$200 million in stimulus funds flows to Georgia to update power grid

WASHINGTON -- More than $200 million in federal stimulus money is expected to flow into projects in Georgia as part of the Obama Administration's plans to upgrade the nation's aging electric grid.

The money, part of $3.4 billion in grants announced Tuesday by the White House, will be used for everything from upgrading computer equipment used to monitor and fix problems on power lines and substations to "smart" meters that will let consumers see exactly how much power they're using and how much they're paying for it.

In announcing more than 100 grants in nearly every state, the White House highlighted a $16.5 million grant to the Cobb Electric Membership Corp. that help will pay for 190,000 "smart" meters that will be deployed throughout its system in Marietta.

The meters promise to give consumers real-time information on their power consumption and costs and let them adjust their usage to off-peak hours to save money. The smart meters also will let the utility track problems and fix them remotely when possible.

"Right now if your power goes out, we don't necessarily know it," said Wanda Lee, associate vice president of engineering for Cobb EMC. "With these, the meter will call us and say, " ‘Hey, I don't have any power and you need to send someone out to find out what's going on.' "

Tens of millions more in Recovery Act grants will also go to upgrading power lines, transformers and computer systems that control Georgia's electric system.

Atlanta-based Southern Co. is slated to get $164.5 million in federal matching grants to upgrade monitoring and control systems across its power network throughout the Southeast.

The Municipal Electric Authority of Georgia in Atlanta will get $12.2 million to help pay for more than 140 advanced substations, routers and other equipment that can be repaired remotely, reducing the need to send technicians to the sites.

And the Georgia System Operations Corp. in Tucker will get $6.5 million to upgrade its computer systems so that it can predict problems and load demands across its network, which supplies power to about half of all Georgia households through nearly 40 member utilities.

"A lot of this is not glossy stuff unless you're an engineer," said Raleigh Nobles, senior vice president of Georgia Systems Operations Corp. "But to us it's pretty glossy."

Obama Administration officials said the projects will create thousands of jobs and cut billions in energy costs over time. But some Republicans disputed that and found reason to fault the program.

"As unemployment continues to rise, we are regularly reminded that the so-called stimulus was less a jobs bill and more a grab bag of borrowing and spending projects," U.S. Rep. Tom Price, a Roswell Republican said in a statement. He faulted the administration for not doing more to advance energy generation in America through increased drilling for oil and other means.

Most of the 100 projects announced by the Obama Administration Tuesday involve smart meter programs like the one being rolled out in Cobb County over the next two years.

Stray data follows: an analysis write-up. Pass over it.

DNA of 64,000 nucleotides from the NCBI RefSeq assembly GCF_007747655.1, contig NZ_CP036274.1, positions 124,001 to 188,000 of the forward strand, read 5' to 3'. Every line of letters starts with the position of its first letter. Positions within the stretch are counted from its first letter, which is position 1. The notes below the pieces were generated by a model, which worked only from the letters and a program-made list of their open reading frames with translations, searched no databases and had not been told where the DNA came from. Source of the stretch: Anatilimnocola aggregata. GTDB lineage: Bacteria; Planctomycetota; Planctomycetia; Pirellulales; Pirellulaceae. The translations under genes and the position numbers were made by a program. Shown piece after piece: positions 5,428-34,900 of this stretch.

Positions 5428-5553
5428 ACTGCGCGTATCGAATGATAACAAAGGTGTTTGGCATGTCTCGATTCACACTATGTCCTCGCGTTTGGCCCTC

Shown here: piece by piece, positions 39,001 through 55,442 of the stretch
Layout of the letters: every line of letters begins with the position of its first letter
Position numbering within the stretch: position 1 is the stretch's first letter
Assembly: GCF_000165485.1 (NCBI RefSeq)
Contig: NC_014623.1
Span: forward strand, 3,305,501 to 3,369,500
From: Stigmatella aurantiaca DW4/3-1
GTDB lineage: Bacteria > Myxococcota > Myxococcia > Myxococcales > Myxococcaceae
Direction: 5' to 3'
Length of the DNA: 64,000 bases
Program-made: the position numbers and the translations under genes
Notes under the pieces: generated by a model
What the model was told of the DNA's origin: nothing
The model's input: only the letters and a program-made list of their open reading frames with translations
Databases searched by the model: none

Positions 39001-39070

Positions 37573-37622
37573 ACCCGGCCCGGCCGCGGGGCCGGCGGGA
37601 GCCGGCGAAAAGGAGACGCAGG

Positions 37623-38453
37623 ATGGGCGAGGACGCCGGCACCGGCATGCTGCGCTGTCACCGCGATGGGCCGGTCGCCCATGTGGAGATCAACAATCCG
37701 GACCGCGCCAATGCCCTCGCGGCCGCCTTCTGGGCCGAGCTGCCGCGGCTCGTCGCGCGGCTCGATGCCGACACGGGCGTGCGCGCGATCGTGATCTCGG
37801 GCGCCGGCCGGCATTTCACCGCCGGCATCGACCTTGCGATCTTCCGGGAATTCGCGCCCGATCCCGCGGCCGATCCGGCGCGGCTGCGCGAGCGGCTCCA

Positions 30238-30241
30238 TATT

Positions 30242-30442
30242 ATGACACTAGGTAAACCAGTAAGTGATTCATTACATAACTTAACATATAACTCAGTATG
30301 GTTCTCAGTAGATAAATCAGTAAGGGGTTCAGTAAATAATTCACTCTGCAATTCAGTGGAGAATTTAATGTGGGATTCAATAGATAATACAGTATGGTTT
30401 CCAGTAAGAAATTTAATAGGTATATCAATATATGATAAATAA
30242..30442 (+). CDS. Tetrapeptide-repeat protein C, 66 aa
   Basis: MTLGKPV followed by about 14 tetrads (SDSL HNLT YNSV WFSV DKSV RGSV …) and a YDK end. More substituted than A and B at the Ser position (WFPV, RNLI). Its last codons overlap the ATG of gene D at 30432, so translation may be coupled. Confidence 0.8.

As part of that project, which will cost an estimated $33.8 million in all, the Cobb EMC also plans to offer 40,000 load-control devices to customers that will help them automatically control their power usage. The devices can determine the best times for big appliances to use power, letting consumers buy electricity when demand -- and prices -- are low. An air conditioner with a load management device, for instance, could turn itself off after 45 minutes when electricity prices are at their highest instead of running for hours.

Smart meters also save the utility money because it reduces maintenance costs and eliminates the need for on-site meter readers, said engineer Lee.

"We were looking at a 10-year payback, but getting half the money from the government will give us a much shorter payback," she said. "It makes it much more feasible."

Creating a nationwide "smart grid" built on devices like smart meters and load-controllers was a campaign promise of Obama's and is a major step toward making the nation's aging power supply system more efficient and reliable.

"The current system is outdated and dilapidated," Carol Browner, director of the White House Office of Energy and Climate Change said on a conference call with reporters. Obama's smart grid program "is not only about how to make the current system better and smarter ... it's about how to make this outdated system work in today's world."

Smart meters are nothing new, and utilities nationwide have been building their own local smart grid networks in fits and starts for years.

Southern Co. subsidiary Georgia Power began installing early-generation smart meters across its network in January 2008 as a first step toward eventually giving its customers real-time usage and rate monitoring information and flexible pricing in the near future.

And Landis+Gyr, a Swiss smart meter company that has its U.S. headquarters in Alpharetta, is in the middle of a major roll-out of more advanced smart meters to more than 7 million customers of the Oncor utility in Texas.

But Obama Administration officials say they think much more could -- and should -- be done to advance smart grid technologies.

Citing an analysis by the Electric Power Research Institute, the White House claims that implementation of smart grid technologies could reduce electricity use by more than 4 percent by 2030, saving $20.4 billion for businesses and consumers across the country.

The 100 projects that will get Recovery Act funding grants were selected from the Department of Energy from more than 400 applications from private companies, utilities and local governments nationwide.